Date: 14th April 2014
Article published by Tourism Review dot com
Online and mobile travel booking is often perceived as being a young man's game, with some companies understandably targeting the more youthful demographic that seems to be constantly attached to their smartphones; however, research shows that 23% of the total internet population is over 55, a sizeable portion of users that shows that senior travellers are heading online more readily than the tourism industry may have suspected.
It is no longer the case that senior consumers want to stick to visiting human travel agents on the highstreet while the younger generations go online; older generations are now using the web to plan and book their trips. Data from eMarketer shows that 69% of senior US customers will make use of the internet in 2014 and a study by AARP goes on to suggest that 80% of customers over 50 will do so when planning their holidays. Furthermore, when this is narrowed down to a smaller age gap of 60-69 year-olds, this percentage rises to 91%, a factor that some attribute to their higher income, and this is more than just a small cultural change in America. The industry is seeing a new global online trend as the older populations of Europe and Asia also turn to the the internet.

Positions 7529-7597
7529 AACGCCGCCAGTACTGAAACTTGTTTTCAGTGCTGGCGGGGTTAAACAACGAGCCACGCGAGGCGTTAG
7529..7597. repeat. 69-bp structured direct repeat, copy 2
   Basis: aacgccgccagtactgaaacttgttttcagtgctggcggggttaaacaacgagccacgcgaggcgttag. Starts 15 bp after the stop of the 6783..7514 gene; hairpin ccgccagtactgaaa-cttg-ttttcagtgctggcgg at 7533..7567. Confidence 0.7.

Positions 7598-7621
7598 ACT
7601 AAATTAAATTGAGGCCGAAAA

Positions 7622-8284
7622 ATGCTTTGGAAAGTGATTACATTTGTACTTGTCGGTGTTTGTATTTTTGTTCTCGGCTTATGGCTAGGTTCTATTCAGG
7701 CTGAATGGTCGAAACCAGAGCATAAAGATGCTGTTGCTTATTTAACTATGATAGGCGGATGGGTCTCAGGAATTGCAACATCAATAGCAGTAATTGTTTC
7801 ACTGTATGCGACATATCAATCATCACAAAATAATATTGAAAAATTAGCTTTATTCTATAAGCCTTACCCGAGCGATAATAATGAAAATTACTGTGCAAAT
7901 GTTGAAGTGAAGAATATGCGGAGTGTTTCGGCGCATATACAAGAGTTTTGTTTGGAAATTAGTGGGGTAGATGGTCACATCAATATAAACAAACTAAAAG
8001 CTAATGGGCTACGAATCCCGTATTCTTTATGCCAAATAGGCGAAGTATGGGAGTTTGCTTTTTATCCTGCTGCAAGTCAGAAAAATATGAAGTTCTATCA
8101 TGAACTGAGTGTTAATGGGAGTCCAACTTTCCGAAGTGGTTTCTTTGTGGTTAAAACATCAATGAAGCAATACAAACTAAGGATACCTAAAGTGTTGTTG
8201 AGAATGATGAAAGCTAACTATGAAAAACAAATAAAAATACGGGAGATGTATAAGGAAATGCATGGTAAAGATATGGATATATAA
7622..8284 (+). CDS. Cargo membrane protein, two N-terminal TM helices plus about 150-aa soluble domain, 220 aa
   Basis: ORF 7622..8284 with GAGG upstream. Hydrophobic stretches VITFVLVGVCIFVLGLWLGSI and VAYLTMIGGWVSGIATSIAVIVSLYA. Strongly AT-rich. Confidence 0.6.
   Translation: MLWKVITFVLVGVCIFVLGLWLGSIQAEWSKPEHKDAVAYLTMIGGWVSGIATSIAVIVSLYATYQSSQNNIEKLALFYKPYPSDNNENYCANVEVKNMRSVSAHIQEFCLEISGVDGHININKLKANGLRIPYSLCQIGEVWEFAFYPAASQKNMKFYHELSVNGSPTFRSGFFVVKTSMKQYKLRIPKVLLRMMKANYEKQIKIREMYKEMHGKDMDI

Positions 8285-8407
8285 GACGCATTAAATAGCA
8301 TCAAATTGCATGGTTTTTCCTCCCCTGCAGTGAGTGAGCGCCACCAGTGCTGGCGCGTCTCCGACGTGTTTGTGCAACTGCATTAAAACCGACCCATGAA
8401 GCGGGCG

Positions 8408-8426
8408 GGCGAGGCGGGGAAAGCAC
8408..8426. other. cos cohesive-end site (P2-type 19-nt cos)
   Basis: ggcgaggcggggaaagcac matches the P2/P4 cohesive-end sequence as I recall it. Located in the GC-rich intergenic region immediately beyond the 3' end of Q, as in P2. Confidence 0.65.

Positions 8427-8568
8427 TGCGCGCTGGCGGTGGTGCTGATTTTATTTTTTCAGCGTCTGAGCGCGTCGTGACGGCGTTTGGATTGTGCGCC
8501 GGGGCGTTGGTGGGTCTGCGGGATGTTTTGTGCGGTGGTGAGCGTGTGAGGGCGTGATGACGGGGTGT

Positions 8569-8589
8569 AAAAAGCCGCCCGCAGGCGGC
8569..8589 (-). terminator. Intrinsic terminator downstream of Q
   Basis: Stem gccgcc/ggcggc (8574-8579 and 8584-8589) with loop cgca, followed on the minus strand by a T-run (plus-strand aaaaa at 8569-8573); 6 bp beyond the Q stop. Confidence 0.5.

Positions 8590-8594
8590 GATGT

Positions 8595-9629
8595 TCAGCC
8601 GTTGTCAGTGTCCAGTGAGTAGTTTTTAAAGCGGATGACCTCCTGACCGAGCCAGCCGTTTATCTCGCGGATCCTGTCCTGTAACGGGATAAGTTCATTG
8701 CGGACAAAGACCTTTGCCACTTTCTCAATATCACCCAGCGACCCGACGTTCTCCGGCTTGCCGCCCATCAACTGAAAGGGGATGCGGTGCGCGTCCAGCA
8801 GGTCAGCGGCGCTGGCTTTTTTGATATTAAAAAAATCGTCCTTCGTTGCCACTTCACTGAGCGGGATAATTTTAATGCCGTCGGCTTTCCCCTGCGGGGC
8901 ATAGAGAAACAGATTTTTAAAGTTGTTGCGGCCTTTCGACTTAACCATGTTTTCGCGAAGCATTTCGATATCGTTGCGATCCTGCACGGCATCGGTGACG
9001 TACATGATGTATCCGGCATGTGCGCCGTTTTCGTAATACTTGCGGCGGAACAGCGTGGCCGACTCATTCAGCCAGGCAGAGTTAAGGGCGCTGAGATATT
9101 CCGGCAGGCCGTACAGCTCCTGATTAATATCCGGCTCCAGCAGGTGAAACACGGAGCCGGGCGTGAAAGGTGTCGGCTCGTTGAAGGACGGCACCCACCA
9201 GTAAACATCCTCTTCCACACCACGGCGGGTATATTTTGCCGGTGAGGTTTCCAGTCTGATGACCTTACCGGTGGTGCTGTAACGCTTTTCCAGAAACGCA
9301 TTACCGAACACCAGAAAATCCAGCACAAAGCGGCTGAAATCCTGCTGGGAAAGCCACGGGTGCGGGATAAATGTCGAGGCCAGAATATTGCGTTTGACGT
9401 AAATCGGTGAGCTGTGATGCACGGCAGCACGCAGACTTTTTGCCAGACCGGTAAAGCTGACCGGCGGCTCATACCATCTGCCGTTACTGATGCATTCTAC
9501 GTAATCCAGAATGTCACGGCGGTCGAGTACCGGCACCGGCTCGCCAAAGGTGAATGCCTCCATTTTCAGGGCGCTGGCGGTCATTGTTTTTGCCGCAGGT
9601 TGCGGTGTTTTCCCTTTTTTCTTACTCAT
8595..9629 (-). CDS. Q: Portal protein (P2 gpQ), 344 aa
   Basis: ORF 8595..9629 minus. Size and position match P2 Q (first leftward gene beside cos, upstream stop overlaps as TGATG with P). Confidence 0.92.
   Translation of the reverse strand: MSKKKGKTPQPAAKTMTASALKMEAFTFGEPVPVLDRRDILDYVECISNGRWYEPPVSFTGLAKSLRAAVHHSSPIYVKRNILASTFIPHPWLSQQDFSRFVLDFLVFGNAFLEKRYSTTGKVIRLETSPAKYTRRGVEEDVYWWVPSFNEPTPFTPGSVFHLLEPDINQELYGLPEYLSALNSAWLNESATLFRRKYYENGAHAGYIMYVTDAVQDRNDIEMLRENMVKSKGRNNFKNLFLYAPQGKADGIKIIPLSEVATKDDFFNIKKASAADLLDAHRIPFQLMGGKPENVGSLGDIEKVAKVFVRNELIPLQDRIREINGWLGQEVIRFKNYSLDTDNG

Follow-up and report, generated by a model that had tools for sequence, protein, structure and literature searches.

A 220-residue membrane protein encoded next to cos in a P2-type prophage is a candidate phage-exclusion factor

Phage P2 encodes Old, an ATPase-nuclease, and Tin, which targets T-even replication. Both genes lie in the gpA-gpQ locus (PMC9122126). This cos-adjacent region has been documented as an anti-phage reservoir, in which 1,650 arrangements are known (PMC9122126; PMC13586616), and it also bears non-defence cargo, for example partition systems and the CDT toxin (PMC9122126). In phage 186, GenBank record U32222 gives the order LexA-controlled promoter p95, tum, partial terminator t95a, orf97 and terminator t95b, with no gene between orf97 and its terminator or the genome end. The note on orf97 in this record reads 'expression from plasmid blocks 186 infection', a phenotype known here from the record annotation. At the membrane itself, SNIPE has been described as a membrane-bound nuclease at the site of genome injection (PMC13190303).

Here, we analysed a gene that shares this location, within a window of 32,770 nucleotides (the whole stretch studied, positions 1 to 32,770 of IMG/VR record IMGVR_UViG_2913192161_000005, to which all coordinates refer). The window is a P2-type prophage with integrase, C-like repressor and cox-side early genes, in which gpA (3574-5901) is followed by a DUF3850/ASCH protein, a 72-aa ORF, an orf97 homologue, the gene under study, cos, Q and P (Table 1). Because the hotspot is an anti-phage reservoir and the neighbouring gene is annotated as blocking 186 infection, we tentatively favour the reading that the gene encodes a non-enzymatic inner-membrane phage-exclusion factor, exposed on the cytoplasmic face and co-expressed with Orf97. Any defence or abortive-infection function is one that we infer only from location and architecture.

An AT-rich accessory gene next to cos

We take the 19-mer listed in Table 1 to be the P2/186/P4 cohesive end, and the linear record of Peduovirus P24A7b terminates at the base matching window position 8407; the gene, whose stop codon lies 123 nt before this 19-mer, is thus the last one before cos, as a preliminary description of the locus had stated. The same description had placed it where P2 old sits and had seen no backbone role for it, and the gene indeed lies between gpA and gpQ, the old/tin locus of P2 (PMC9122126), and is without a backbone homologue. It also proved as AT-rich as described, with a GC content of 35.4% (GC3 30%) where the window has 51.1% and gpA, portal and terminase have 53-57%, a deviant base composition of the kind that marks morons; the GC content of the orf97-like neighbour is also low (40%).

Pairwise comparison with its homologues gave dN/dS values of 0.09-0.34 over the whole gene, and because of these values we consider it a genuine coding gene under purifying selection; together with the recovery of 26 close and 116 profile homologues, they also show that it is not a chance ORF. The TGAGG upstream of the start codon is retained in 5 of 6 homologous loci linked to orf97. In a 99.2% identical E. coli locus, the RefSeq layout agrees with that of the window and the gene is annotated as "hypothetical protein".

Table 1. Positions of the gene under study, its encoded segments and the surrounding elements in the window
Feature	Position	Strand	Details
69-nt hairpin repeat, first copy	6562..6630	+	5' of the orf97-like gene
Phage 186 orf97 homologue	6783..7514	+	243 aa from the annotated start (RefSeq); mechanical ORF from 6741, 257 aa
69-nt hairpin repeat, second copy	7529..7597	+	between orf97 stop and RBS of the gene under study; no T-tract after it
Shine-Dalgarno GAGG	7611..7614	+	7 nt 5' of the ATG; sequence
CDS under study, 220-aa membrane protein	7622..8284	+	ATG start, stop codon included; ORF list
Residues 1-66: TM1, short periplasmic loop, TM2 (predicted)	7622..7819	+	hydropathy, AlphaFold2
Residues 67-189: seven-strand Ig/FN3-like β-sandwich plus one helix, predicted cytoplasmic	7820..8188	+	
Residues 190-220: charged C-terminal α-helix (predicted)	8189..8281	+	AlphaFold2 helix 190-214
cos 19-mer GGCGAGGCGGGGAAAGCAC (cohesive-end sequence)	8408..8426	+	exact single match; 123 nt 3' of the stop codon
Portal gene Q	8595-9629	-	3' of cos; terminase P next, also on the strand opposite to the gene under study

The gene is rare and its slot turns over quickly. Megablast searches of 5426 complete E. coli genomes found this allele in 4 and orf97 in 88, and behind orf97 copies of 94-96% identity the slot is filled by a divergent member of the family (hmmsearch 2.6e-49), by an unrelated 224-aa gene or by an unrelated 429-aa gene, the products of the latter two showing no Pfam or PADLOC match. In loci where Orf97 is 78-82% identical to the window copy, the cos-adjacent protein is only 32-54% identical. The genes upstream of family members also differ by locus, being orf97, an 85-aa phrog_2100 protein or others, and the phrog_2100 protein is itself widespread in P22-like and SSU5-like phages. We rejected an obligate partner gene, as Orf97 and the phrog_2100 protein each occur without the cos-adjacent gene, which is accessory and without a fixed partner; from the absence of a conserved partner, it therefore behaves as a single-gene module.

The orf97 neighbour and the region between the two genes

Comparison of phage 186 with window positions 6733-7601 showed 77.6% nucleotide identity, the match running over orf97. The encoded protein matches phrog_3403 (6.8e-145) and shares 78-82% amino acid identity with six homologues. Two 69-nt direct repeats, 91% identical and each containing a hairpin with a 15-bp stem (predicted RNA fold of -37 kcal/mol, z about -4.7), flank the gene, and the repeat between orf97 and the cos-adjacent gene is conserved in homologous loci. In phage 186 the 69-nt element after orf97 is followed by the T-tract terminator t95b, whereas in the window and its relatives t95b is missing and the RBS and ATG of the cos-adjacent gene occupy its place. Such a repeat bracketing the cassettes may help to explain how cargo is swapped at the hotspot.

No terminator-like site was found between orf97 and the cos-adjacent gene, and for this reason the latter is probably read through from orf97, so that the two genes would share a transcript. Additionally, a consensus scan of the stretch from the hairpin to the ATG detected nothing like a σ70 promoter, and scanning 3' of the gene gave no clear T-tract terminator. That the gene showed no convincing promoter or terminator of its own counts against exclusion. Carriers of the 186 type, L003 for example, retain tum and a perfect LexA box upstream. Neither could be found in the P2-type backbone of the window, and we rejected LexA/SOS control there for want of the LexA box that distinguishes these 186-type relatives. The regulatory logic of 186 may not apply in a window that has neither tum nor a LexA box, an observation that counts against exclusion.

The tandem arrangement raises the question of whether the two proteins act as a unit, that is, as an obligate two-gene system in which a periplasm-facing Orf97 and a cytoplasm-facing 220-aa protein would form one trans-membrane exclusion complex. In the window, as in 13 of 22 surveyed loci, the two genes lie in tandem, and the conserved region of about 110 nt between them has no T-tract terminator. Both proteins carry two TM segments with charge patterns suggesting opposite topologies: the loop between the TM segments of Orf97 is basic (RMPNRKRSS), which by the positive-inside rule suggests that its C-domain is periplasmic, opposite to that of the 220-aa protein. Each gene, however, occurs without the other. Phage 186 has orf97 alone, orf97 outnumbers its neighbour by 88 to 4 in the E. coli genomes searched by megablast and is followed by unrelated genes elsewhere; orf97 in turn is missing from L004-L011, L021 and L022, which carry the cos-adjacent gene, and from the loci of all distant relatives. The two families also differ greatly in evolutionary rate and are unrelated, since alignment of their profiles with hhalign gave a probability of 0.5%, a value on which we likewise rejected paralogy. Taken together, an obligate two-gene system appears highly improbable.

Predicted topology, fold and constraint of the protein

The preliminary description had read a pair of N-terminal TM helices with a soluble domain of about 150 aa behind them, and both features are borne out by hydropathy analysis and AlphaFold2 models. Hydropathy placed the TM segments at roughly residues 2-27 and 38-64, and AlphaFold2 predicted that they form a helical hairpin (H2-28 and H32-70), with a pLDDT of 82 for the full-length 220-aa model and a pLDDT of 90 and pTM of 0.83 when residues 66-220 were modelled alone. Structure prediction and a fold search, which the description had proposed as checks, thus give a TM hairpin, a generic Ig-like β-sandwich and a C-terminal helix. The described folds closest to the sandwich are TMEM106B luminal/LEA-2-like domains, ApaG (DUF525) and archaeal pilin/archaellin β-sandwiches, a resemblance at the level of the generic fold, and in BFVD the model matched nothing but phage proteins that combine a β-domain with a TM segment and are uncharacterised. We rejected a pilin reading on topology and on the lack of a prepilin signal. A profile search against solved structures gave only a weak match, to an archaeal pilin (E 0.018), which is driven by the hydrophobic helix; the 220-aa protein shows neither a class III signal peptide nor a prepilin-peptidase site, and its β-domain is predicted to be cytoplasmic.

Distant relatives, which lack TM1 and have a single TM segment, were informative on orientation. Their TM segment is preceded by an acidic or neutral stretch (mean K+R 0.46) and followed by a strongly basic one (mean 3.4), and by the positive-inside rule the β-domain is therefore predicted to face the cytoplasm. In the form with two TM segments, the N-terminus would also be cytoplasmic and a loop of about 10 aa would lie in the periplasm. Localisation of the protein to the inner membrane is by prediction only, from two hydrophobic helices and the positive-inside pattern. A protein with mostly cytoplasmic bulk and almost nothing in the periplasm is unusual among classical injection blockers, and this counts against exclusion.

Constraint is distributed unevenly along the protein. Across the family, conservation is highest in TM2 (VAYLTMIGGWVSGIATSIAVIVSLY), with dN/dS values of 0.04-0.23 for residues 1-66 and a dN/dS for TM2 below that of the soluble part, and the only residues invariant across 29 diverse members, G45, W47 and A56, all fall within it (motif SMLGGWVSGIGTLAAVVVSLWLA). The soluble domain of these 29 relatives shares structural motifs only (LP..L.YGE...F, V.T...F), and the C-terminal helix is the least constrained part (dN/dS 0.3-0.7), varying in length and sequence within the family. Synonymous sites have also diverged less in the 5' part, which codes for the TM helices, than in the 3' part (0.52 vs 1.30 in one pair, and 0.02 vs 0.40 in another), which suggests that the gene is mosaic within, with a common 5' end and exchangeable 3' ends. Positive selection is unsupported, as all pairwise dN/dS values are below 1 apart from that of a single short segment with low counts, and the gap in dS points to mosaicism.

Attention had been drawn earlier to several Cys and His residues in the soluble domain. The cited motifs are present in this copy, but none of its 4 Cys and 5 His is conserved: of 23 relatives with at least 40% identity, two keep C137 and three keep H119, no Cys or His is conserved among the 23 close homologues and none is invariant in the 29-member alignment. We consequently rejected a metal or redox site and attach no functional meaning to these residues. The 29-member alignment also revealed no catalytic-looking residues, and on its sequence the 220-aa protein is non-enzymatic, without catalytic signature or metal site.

What does this new online trend mean for the companies and booking agents looking to make sales from these older tourists?
It is important that tourism boards, hoteliers and other business who are favouring web-based promotion and bookings take note of this trend within senior travellers and work with it. This data is the perfect excuse to continue development and innovation in online technology, applications and website content to welcome and support this growing number of older users. One way to encourage this new demographic is to give them more control over the specifics of their booking on the online form, such as specialised facilities at a hotel or airline seats with extra leg room, so they can be sure of securely dealing with every query and need via the website alone. Additionally, companies need to ensure that they offer easy navigation of their websites and information that is tailored to the age group.
Essentially, it all about going one step further to appreciate and nurture this growing group of tourism consumers and turn this new trend into increased business – more and more over-55s are connecting with these online resources, which is great, but these visits and initial interests still need to be turned into sales.